We were horrified by the cruel and inhumane treatment of Afghan women under the Taliban regime. Keeping girls out of school and out of work was meant to relegate women to a state of perpetual inferiority. That's unacceptable in any society and it's just not very smart to keep one half of society locked up, forbidden to expand their minds or contribute to the life of their nation. By telling people their ideas and their labor have no value, repressive societies limit their ability to create great thinkers, scientists, educators and leaders who can improve the lives of all people.
America has become a world leader because of our commitment to freedom, but our own history isn't perfect. For decades, women fought for the right to vote and to hold office. Yet even while they were denied access to the ballot box, women made their voices heard on issues like slavery, workers' rights, the protection of children, the intellectual life of their country, and good government. The perseverance of early women leaders was realized when American women gained the right to vote early in the last century.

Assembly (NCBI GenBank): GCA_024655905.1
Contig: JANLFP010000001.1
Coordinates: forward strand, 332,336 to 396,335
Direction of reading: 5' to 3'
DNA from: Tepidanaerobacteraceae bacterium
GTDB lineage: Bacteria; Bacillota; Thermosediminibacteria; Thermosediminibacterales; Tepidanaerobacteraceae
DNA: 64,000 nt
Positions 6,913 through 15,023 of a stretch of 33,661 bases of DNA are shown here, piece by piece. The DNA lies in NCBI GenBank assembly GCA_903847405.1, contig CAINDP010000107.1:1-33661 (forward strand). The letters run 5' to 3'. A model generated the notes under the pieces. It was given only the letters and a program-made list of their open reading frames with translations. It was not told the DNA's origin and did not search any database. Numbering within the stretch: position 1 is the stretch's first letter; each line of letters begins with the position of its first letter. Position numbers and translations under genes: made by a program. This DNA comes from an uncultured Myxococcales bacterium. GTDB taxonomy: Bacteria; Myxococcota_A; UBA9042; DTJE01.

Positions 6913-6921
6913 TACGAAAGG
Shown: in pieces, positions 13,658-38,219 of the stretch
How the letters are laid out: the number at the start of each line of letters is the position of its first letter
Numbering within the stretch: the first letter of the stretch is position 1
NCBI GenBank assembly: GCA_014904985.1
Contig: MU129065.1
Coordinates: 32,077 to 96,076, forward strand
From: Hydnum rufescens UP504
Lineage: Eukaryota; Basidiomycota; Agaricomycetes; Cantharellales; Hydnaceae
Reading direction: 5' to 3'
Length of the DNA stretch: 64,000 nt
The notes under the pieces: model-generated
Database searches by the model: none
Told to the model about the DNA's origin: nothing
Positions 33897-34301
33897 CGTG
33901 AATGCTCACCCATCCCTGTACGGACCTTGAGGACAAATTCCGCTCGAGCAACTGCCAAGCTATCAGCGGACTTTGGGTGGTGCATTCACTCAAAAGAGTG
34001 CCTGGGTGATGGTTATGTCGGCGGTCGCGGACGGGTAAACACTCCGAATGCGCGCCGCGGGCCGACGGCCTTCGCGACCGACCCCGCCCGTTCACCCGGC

Today, we recognize the familiar appeal of freedom, equality and tolerance around the world. President Bush has made the advance of women's human rights a global policy priority. We join people around the world in protesting the house arrest of Aung San Suu Kyi, who is a leader in the struggle for freedom in Burma. In China and Cuba, women still can not freely express their political or religious beliefs. The degrading practice of human trafficking continues to enslave women around the world. At the UN Commission on the Status of Women, which is meeting now in New York, the United States is advancing a resolution to bring much-needed attention to the issue of human trafficking.